ULA And Ball Aerospace Interns Simulate Real-Life Launch Campaign At Student Rocket Launch

This year’s lineup of rockets included the 25-foot-tall “Future” which carried 14 payloads. Image Credit: Colorado Space News

This year’s lineup of rockets included the 25-foot-tall “Future” which carried 14 payloads. Image Credit: Colorado Space News

July 21, 2015 – High-power sport rockets carried payloads thousands of feet above the plains of Pueblo, Colorado, at the United Launch Alliance (ULA) and Ball Aerospace & Technologies Corp. Student Rocket Launch on Saturday, July 18. The event marked the culmination of an experience designed to simulate a real-life launch campaign and inspire students to pursue careers in science, technology, engineering and math (STEM).

The launch featured three high-power sport rockets built by interns at ULA – including the largest rocket to launch from Colorado. Ball Aerospace & Technologies Corp. interns built the four largest payloads (onboard experiments/instruments), while K-12 students from Colorado created 13 additional payloads.

“United Launch Alliance and Ball Aerospace have created a hands-on program that engages and energizes students from kindergarten through graduate school,” said Colorado Gov. John Hickenlooper. “The STEM fields are critical to the future economy, and the Student Rocket Launch gives tomorrow’s rocket scientists and engineers a chance to build the skills they’ll need to propel our state and nation into the future.”

Image Credit: Colorado Space News

Image Credit: Colorado Space News

Working on their own time, the ULA and Ball interns designed, built and tested the rockets and the payloads with the guidance of mentors from both companies. Approximately 60 interns and 20 mentors from ULA as well as 28 interns and 21 employee mentors from Ball participated this year.

“United Launch Alliance works to inspire students at all levels to pursue careers in science, technology, engineering and math,” said Matt Smith, ULA’s vice president of Engineering. “The Student Rocket Launch encourages innovation and provides a framework for them to take their ideas from the drawing board to the launch pad.”

This year’s lineup of rockets included the 25-foot-tall “Future” which carried 14 payloads. The “Stars ‘N’ Stripes” is a 20-foot rocket and carried two payloads, and the “Genesis,” at 10 feet tall, deployed a single payload.

Image Credit: United Launch Alliance

Image Credit: United Launch Alliance

Ball interns, collectively known as BIRST (Ball Intern Rocket Science Team), designed, built and tested the largest payloads (two for Stars ‘N Stripes and two for Future): 

  • Future Eggspectations: This payload is a twist on a classic engineering challenge, an egg drop. The first part of this payload is the bus designed to overcome the ever pressing problem of power, data handling, and cooling. The bus also includes a number of atmospheric sensors as well as a camera, and transmitting capabilities. The lower portion of the payload tube is fashioned into a protective, cooled payload fairing, designed to protect a chicken egg from the heat of Pueblo, forces of the launch, and descent to the ground.

  • HEAVY (Humanitarian Emergency Aerial Vaccinations, Yeah!): This payload is a temperature and shock controlled vaccine packaging system for high altitude descents to support rapid recovery and application for ground personnel.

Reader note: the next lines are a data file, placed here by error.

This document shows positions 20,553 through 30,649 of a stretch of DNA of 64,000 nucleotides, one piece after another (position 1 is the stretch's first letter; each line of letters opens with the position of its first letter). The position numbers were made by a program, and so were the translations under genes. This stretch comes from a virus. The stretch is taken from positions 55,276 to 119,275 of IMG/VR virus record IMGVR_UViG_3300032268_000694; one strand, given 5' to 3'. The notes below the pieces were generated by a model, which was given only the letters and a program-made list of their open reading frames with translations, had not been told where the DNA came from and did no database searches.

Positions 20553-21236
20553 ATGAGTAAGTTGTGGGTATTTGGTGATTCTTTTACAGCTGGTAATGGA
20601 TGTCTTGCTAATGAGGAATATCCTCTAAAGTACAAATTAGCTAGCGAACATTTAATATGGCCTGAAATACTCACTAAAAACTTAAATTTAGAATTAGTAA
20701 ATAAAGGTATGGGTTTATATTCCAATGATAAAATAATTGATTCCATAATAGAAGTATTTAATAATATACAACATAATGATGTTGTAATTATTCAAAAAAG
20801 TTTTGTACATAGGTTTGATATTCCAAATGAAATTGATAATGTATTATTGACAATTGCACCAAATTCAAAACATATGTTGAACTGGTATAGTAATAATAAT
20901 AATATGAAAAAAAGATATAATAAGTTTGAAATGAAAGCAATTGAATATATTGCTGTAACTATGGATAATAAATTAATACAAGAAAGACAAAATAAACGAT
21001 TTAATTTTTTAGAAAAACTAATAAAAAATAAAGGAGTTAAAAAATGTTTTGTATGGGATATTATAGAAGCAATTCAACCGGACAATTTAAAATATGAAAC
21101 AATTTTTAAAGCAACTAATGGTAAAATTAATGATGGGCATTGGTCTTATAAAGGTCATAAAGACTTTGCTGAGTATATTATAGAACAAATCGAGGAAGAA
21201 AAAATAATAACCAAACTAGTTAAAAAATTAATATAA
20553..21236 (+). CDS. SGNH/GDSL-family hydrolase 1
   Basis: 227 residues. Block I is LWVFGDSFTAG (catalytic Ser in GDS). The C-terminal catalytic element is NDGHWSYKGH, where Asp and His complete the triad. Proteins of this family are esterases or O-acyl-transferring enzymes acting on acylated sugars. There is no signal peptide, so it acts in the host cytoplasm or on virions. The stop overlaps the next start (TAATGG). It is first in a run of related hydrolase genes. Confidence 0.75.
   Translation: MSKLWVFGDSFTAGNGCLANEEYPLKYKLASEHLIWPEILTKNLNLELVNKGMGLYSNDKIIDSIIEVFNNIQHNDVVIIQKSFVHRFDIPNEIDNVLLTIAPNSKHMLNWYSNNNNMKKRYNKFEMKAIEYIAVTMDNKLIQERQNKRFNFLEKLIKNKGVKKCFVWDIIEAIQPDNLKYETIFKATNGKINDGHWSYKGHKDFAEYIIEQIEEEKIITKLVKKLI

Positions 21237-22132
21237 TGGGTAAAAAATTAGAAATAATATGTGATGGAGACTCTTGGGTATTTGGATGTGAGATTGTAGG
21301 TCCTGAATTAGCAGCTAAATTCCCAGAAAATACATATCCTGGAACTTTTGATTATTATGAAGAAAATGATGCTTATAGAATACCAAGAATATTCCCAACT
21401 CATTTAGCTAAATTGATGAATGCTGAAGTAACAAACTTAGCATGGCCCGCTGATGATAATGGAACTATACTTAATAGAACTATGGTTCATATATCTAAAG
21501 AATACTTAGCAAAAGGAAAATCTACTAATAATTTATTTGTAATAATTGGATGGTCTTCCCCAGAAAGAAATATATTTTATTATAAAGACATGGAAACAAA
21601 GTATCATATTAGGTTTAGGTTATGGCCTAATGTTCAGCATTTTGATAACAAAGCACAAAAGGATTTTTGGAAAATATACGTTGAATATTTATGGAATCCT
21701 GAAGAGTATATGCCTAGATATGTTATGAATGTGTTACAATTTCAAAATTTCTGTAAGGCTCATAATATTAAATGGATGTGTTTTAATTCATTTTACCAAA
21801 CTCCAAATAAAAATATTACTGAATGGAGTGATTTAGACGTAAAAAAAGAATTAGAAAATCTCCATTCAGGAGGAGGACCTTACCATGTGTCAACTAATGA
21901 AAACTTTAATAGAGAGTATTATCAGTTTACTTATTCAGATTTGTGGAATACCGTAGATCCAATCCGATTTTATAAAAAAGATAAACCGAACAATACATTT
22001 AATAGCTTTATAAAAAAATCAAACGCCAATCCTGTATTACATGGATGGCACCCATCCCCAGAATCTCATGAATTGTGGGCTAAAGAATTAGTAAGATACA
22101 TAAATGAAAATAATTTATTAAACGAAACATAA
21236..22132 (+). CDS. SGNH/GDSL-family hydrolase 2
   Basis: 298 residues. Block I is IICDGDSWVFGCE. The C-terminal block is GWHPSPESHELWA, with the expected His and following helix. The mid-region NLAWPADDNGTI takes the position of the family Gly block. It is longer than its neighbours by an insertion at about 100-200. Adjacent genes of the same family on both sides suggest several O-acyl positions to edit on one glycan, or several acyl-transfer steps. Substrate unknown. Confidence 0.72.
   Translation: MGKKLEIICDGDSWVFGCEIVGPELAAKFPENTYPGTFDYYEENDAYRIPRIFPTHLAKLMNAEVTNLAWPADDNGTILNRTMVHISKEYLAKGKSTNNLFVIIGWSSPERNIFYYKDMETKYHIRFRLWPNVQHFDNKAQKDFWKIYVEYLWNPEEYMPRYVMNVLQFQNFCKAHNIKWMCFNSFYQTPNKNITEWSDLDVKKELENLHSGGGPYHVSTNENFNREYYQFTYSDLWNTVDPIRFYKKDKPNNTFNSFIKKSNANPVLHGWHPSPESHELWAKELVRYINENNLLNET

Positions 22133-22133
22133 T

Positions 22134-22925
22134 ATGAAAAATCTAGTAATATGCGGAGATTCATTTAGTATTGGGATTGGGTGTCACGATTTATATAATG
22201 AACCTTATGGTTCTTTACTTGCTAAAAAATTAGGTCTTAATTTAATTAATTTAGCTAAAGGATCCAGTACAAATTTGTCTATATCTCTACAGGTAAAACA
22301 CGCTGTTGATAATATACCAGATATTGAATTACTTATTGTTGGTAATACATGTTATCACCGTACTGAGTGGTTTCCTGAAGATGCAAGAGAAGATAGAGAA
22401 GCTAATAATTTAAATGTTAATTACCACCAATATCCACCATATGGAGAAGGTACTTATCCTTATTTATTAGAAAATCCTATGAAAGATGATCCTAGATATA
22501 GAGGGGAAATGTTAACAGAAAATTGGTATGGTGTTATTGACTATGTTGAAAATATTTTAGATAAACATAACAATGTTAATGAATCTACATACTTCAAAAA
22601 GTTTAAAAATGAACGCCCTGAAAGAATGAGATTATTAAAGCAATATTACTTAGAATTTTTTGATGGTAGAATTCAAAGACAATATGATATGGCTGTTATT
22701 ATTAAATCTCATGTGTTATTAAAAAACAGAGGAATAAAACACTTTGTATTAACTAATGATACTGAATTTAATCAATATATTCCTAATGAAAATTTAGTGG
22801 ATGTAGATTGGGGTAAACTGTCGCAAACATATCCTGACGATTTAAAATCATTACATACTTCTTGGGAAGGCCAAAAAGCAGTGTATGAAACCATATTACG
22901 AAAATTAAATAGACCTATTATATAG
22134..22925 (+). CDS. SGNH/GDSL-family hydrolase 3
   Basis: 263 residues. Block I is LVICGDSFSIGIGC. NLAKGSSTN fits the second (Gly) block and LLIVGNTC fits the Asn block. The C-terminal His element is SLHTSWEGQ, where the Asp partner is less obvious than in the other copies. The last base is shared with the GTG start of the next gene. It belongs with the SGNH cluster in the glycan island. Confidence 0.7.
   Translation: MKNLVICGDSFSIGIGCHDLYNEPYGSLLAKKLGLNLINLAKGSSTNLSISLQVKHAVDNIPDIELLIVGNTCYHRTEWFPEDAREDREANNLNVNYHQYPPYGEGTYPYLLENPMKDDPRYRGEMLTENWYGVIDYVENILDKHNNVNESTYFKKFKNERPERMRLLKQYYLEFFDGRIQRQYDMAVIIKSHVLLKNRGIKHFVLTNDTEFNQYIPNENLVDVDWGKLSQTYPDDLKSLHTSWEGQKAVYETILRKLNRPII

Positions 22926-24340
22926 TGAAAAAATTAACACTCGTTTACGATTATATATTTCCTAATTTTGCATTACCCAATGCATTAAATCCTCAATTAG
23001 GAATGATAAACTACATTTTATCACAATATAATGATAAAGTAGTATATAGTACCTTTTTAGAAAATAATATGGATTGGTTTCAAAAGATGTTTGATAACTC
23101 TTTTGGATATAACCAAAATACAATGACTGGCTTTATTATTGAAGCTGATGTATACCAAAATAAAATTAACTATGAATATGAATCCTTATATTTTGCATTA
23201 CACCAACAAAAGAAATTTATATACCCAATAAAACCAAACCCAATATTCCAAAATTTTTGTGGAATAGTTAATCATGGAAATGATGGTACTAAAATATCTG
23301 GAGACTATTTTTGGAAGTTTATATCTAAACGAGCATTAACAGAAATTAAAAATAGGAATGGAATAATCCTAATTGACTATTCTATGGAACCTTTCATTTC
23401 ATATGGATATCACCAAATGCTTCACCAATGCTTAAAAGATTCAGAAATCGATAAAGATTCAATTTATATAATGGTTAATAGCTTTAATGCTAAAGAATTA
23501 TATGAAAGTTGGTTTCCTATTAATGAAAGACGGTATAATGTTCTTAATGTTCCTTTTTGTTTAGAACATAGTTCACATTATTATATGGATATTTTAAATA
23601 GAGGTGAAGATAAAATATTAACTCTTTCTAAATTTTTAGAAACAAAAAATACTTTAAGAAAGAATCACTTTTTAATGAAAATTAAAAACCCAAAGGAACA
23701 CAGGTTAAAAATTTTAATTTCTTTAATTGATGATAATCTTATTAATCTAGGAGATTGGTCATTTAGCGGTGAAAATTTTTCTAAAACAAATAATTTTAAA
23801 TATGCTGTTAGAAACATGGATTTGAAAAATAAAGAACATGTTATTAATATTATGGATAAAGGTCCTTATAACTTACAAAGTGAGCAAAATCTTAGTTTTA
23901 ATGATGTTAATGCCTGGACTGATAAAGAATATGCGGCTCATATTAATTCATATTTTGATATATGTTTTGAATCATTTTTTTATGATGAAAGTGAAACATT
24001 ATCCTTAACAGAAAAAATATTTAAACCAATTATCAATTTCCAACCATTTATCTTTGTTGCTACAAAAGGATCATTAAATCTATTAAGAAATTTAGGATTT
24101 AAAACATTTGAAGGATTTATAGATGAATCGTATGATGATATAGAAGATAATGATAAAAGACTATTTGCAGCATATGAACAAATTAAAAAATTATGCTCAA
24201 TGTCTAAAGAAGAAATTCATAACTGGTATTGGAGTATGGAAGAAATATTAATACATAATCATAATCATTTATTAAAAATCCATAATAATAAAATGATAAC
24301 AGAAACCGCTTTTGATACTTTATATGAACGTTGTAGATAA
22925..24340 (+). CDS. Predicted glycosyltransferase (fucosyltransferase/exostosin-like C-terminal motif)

• Tech No Logic (TNL): This payload consists of two independent systems: a sensor suite and an autonomously controlled para glider. The sensor suite has been designed to log and transmit data which ranges from GPS coordinates to internal tube temperatures, battery voltage and current draw. The autonomous para glider consists of a custom autopilot and is steered with dual- titanium geared servos. This payload is designed with the intention of serving as a flight platform capable of carrying additional payloads such as team HEAVY’s vaccine packages in future years.

  • CORGIS (Collapsible Real-time GPS & Imaging System): This payload consists of three main subsystems; a live-video system, payload launch-lock, and payload recovery. The launch lock system uses several rail slides and a locking mechanism to hold the live video chassis in place during launch. Finally, given that payload recovery is always challenging, they have chosen to test the GARMIN GPS tracking collars for hunting dogs as a payload recovery mechanism.

  • “Year after year exceptionally talented summer interns amaze us with their innovative approach to challenges and problem solving,” said Jeff Osterkamp, Ball’s vice president for Engineering. “This program gives students real-world experience as they quickly move from concept to launch for their payloads.”  

    Thirteen K-12 student teams from Colorado also designed and built payloads that launched on the Future rocket. Contributing schools included Peak to Peak Charter School (Lafayette), Crown Point Academy Elementary School (Westminster), Crown Point Academy Middle School (Westminster), Fountain International Magnet School (Pueblo), Eaglecrest High School (Centennial) and STEM Academy (Highlands Ranch). This year’s payloads included “KinderRocks” decorated by a kindergarten class, a test of solar power to slow descent, and various instruments designed to capture images, location and other data.

    After the rockets launched, teams had to retrieve their payloads. They will analyze their data and results this week.

    The Southern Colorado Rocketeers (SCORE), Colorado Springs-based rocketry club (COSROCs) and Northern Colorado Rocketry (NCR) also launched rockets throughout the event.

    Image Credit: Colorado Space News

    Image Credit: Colorado Space News